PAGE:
It was hard to tell, but this is a photograph of a looper or inchworm caterpillar (family Geometridae). In fact, because so many caterpillars in this family resemble twigs they are commonly called “stick caterpillars.”
When I approached, the caterpillar was moving in the typical looping fashion across the plant. I startled it when I stopped to take its photograph, and the caterpillar rose up and straightened. It held this position for as long as I watched it, which was several minutes.
If I hadn’t seen the caterpillar moving prior to taking this stance, I probably wouldn’t have even noticed it.
This caterpillar will eventually turn into a moth, making it an appropriate way to announce:
Have you ever taken your children on a hunt for caterpillars? It is a lot of fun when you see their faces light up and hear their squeals of delight when they find one.
Here are some ways to increase the chances for finding caterpillars in nature:
1. Find out when caterpillars might be found in your area.
Get to know the life cycles of some local butterflies and moths by searching the internet, reading books and checking with local experts. For example, in Arizona our caterpillars are most numerous now (August) through the fall. They feed on the plants that grow after the summer rains.
2. Find out where to look for them.
Learn the host plants of some common butterflies and moths in your region. We know to look for queen butterfly caterpillars on our milkweed plants, giant swallowtail on the new foliage of citrus trees, and rustic sphinx on the desert willow. This is simply a case of time and experience, so learn a few at a time.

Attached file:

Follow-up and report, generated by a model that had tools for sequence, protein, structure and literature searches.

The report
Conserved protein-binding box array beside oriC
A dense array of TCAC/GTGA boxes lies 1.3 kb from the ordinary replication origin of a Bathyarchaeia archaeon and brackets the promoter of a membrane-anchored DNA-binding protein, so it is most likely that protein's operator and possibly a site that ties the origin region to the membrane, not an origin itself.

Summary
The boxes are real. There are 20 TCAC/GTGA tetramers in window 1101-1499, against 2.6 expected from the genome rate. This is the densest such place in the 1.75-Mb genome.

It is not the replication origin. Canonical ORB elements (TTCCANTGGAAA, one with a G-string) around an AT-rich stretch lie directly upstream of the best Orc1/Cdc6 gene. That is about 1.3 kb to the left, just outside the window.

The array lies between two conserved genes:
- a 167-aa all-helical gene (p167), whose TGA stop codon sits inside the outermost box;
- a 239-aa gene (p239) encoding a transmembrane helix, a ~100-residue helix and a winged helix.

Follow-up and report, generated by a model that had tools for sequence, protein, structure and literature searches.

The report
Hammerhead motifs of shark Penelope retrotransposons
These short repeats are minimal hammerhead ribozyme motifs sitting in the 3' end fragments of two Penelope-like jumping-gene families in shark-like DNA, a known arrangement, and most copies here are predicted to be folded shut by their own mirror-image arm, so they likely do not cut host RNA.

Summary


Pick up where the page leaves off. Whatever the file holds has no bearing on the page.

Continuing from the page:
3. Look for holes in leaves and missing plant parts.
If you remember that caterpillars have chewing mouthparts and eat plants, you already have a clue. Look for plants that have been chewed on. Sometimes the holes are large, like in the leaf above…
… and sometimes the holes are smaller, because the caterpillars are smaller. If you see holes, gently flip the leaf over. The caterpillar may be hiding on the underside or a nearby stem.
4. Look for other clues a caterpillar is nearby.
See those black things on the leaf above that look like pepper? Those are the caterpillar droppings, which entomologists call frass.
Serious bug hunters might place a white piece of paper or a white sheet under a plant to check for frass. That will give you an idea on which part of the plant the caterpillar is hiding.
5. Bring a hand lens or magnifying glass.
If you look very closely, you might also find butterfly or moth eggs.
Once the egg has hatched, some butterflies and moths eat the empty shell, and some leave it behind.
This is a tiny hornworm larva that hatched from an egg.
It is chewing on the edge of the leaf.
Look how big its horn looks in comparison to its body!
Okay, enough with the darling baby caterpillars, let’s get back to our topic.
6. Look for silk.
Spiders aren’t the only ones who make silk, so do many caterpillars. They may use the silk to build retreats out of leaves, causing the leaf or flower petal to roll up. They also use silk to make trails to walk around. Moth caterpillars use their silk to make a cocoon to pupate in. If you see a rolled up leaf that has wisps of silk around it, peek inside to see who is at home.
Hope these tips are helpful. If you chose to, let us know what you find. We’d also like to hear if you have any suggestions of your own or any questions.
If your children become seriously interested in caterpillars, you may want to find a field guide to help with identification.
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